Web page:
Video Trust


Video Trust is a 40-year-old nonprofit corporation that used to go by the name of National Media Market.  Once an annual conference and trade show for film distributors and librarians, it became unsustainable as library budgets decreased.  Over the decades, however, it formed an enduring, active and informal community of mutual support.  Last year, in an attempt to continue to serve that community, the board elected to convert to a 501c3 and hold online webinars about topics connected to film and video collections in libraries in schools, colleges and in the public sector.  The webinars have become successful in a short time, so now we’re expanding into publishing a quarterly journal of reviews, profiles, technology and scholarly articles.  We maintain this website, publish a monthly newsletter, and run a cooperative online repository for digital films no longer available through distribution.

Our Purpose

Video Trust strengthens libraries through publishing, holding educational events, providing professional development, sponsoring research, and advocating at all levels for adequate attention to the critical understanding and appreciation of film.

Statement of Intent

For 40 years, the National Media Market brought media professionals together with librarians for commerce, fellowship and the exchange of knowledge. A community was created that benefitted everyone involved. Today, though the Market event is not currently sustainable, the community of interest and need remains strong. Video Trust, the new organization created to serve that community, has a mandate to engage in activities that will help libraries grow stronger through the collection and use of film.

It’s difficult to imagine the modern world without the influence of the motion picture, which has become perhaps the most democratized of all artistic technologies. Whether video appears on YouTube or in a theater, it carries a powerful influence that’s made it the most widespread means of modern communication. And yet, film is not critically understood by most library patrons — many who can articulate the grammar of language can’t do so for this vital medium.

While nothing can replace the written word, libraries also need access to great film and the means for patrons and students to learn about film itself. Librarians need advanced knowledge of film history, commerce, copyright and technology. Those who fund libraries need to understand the importance of institutions that nurture critical thought and the ability to pair the fundamentals of the humanities with the achievements of science.

Video Trust intends to work for the advancement of libraries on all these levels.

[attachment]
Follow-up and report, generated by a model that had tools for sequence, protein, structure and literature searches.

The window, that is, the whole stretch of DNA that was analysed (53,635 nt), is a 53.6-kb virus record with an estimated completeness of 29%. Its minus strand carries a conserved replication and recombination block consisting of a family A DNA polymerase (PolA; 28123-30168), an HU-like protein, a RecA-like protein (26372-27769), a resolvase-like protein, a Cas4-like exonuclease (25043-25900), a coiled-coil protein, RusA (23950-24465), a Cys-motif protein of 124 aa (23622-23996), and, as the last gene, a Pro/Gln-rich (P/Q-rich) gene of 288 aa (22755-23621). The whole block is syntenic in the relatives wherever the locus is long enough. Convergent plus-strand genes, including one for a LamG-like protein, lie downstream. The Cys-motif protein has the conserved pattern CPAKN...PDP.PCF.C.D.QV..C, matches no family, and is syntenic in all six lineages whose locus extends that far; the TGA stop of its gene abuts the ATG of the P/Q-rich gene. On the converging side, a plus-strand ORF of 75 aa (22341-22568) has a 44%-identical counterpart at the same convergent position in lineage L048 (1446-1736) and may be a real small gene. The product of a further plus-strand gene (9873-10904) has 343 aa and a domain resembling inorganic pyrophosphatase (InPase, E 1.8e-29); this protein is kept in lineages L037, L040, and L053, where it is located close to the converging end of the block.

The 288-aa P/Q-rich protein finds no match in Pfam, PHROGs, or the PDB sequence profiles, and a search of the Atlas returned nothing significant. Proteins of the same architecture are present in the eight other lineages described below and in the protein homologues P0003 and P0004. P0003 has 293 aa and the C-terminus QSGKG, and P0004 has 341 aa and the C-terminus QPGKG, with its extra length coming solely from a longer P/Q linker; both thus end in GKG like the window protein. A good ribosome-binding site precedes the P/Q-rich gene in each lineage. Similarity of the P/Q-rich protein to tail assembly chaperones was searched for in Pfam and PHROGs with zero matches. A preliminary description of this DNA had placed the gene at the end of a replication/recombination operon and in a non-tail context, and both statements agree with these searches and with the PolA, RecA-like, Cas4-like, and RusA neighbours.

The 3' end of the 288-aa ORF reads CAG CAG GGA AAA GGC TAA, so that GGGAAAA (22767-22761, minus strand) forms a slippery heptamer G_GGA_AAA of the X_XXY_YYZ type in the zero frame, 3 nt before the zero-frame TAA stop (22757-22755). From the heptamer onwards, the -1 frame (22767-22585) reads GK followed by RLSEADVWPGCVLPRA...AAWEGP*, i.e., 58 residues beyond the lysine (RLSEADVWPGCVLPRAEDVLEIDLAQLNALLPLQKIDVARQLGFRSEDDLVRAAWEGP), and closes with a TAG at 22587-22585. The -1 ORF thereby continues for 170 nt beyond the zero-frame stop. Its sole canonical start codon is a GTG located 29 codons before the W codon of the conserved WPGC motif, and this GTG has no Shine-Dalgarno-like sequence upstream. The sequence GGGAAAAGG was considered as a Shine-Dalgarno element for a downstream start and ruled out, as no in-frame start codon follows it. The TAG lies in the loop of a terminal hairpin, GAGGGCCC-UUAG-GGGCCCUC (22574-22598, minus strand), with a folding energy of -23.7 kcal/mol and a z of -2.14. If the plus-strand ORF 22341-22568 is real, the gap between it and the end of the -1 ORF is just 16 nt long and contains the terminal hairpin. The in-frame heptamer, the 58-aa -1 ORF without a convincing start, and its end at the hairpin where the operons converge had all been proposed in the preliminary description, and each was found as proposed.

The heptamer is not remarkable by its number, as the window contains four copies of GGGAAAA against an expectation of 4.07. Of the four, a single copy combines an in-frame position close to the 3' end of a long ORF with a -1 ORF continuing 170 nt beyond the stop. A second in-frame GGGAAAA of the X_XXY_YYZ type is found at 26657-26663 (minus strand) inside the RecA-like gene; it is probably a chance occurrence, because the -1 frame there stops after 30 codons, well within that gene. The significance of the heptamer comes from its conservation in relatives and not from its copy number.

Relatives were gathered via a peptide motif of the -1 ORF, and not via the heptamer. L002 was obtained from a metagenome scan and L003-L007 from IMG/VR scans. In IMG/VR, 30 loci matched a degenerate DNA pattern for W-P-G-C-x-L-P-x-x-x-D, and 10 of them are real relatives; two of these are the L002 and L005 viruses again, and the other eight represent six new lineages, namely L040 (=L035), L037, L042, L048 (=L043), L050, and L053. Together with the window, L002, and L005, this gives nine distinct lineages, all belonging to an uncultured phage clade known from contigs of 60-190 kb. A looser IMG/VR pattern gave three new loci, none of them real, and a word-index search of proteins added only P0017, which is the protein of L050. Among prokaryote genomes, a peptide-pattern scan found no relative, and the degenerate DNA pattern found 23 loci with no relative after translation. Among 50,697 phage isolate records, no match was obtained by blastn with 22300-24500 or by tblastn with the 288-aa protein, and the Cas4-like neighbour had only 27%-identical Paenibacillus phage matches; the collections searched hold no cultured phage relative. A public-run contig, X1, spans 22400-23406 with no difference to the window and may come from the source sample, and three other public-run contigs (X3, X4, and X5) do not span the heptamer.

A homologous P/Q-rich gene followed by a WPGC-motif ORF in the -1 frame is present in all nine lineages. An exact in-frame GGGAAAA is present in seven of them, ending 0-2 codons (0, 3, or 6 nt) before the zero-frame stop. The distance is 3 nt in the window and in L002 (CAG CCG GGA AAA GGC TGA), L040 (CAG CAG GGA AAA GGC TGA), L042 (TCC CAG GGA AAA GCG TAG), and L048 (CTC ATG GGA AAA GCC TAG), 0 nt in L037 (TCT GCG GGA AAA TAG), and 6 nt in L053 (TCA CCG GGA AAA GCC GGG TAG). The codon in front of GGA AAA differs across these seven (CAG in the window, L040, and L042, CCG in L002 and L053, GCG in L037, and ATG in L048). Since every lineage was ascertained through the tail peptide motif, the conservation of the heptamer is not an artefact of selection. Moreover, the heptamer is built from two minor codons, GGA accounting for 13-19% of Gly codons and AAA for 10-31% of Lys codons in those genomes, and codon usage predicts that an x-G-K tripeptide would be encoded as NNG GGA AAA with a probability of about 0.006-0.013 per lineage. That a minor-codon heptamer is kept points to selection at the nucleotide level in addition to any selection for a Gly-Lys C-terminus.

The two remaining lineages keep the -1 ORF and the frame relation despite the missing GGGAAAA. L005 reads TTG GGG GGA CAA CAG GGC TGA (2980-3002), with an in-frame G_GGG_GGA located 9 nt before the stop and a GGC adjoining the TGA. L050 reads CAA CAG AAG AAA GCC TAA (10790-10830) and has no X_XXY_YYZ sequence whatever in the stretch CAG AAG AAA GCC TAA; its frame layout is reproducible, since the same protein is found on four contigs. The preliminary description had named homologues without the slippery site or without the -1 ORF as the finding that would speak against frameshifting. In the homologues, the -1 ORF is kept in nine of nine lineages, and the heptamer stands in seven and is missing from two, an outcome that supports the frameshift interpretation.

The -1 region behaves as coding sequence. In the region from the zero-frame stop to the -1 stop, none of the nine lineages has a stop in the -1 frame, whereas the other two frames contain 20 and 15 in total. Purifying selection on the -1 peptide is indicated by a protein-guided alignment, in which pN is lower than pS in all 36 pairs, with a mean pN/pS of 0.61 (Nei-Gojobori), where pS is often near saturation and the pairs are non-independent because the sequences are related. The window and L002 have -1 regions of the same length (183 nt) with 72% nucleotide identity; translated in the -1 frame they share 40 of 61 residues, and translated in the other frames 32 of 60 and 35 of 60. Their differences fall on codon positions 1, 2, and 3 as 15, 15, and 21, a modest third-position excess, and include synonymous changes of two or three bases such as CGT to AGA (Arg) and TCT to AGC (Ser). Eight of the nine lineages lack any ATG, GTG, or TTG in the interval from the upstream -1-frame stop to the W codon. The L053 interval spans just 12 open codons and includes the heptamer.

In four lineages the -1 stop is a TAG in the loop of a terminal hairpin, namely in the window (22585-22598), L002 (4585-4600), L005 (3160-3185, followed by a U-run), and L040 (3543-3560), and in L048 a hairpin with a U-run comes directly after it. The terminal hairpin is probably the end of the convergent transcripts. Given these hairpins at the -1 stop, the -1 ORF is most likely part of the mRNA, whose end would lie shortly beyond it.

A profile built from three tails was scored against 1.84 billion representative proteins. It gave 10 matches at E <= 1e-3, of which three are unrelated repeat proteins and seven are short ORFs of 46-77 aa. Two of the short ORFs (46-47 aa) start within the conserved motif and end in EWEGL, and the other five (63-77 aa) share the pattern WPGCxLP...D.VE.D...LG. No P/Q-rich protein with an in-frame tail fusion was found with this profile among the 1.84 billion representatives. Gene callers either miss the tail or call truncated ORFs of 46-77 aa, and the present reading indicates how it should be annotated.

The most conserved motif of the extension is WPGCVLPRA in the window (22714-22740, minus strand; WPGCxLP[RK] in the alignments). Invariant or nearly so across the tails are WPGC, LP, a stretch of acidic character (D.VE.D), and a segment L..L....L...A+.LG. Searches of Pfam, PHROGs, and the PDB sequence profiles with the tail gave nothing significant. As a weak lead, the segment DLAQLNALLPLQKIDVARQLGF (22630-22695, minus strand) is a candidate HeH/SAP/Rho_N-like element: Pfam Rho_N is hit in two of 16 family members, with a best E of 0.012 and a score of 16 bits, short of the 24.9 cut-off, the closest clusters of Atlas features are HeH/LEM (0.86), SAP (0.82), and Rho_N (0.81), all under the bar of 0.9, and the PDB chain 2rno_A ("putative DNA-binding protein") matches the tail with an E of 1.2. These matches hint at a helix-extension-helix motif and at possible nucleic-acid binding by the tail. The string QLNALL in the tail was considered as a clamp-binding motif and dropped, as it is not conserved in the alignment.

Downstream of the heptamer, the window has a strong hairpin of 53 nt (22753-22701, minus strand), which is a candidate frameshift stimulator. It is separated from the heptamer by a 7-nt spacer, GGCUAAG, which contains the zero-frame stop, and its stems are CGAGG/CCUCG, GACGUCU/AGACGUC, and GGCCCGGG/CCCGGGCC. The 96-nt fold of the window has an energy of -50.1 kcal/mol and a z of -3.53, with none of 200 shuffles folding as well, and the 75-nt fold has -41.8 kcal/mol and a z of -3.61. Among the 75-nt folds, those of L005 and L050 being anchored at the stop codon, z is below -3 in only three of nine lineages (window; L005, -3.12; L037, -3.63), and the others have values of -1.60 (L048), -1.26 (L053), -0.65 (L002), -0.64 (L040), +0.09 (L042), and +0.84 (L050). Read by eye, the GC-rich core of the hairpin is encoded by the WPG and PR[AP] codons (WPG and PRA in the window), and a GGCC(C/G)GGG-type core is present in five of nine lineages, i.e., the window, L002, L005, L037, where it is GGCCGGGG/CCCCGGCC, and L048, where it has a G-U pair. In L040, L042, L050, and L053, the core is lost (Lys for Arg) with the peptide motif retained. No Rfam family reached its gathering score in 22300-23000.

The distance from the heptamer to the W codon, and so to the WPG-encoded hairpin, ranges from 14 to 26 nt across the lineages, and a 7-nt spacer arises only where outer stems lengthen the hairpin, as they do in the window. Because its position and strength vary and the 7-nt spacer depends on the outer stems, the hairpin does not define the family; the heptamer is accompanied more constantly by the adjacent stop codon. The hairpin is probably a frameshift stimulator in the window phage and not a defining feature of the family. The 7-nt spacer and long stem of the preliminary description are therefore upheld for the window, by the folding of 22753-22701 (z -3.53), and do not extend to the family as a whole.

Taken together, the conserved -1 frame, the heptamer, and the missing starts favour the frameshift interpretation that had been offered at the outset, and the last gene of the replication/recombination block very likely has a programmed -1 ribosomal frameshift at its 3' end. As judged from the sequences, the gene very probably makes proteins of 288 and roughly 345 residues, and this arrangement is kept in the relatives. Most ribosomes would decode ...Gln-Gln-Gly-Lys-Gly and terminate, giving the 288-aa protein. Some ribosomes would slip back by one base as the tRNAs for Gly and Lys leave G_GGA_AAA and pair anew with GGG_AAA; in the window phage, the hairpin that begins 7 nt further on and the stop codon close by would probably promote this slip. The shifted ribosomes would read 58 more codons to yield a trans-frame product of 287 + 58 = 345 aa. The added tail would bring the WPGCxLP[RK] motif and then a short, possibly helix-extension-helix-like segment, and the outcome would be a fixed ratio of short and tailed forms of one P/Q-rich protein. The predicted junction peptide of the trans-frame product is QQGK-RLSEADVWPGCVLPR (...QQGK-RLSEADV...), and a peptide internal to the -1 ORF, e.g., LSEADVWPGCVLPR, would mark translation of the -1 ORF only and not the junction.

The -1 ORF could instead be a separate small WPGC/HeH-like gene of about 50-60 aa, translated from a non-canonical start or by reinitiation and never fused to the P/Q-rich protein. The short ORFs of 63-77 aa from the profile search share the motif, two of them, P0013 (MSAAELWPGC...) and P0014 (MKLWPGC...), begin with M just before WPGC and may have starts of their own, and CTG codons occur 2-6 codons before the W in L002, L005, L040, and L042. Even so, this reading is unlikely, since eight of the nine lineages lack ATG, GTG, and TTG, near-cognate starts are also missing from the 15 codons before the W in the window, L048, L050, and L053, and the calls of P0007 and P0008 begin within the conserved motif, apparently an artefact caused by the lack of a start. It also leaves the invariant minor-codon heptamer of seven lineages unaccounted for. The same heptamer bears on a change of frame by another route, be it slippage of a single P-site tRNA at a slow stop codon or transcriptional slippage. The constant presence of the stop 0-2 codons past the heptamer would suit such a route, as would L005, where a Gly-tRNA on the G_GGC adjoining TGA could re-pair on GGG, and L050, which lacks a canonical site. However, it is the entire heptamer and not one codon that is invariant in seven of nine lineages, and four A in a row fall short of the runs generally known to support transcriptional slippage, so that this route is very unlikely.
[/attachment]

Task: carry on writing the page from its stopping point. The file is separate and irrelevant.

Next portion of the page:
It all started in 1978 when…

a group of media professionals wanted a low-cost and highly productive mechanism to bring buyers, users and sellers of educational media together in a professional and highly productive marketplace atmosphere.  

After significant effort by a volunteer Board of Directors composed of academic, school, public and state media librarians along with film distributors, the “National Film Market” formally opened on October 21, 1979 to rave reviews.  It was the first “selling conference” of its kind, offering representatives from educational institutions and agencies coming from communities across the nation the opportunity to view films and make purchase decisions about the product directly and immediately. 

With a modest name change in 1997 reflecting the replacement of 16mm film by other formats, National Media Market (NMM) continued its founders’ commitment to offering a highly productive working atmosphere for librarians and distributors alike. Over 40 years, a community grew that became dedicated to achievement of a fair marketplace and a collegial exchange of information related to technology, copyright, marketing, collection strategies, and other knowledge to strengthen all libraries through the use of film.

When decreasing library budgets in the modern era affected travel funding, NMM’s board refocused the organization to better serve all its community members as an advocacy for libraries, film, and the librarians who manage them. Today, Video Trust is educating through online professional development sessions that also provide a powerful marketing connection for film distributors and streaming platforms. In the works is an open-access publishing operation, sponsored research, and conference-driven activities to expand the proper use of and access to films for all.


Jeff Tamblyn, Executive Director
Film Marketing Consultant
Merriam, KS 66202
execdirector at

Erin DeWitt Miller, Chair
Head of Media & Discovery Park Libraries
University of North Texas
1155 Union Circle
Denton, TX  76203
chair at

Julie Whang, Treasurer
joolesnyc at

Susan Albrecht, Secretary
Acquisitions Manager
Wabash College Lilly Library
301 W Wabash Ave
Crawfordsville, IN 47933
albrechs at

Alex Hoskyns-Abrahall
VP, Director of Bullfrog Communities
Bullfrog Films
P.O. Box 149
Oley, PA 19547
alex at

Charles Cobine
Digital Outreach Librarian
131-11 Van Pelt-Dietrich Library Center
University of Pennsylvania
Philadelphia, PA 19104
cobine at

Meghann Matwichuk
Coordinator, Film & Video Collection
Morris Library, University of Delaware
181 S. College Ave.
Newark, DE 19717
mtwchk at

David Parker
Senior Director Product Management ProQuest
888 7th Avenue New York, NY 10019
david.parker at

Lorraine Wochna
Performing Arts Librarian
Alden Library, Ohio University
30 Park Place
Athens OH  45701
wochna at

The Advocate for Libraries & Film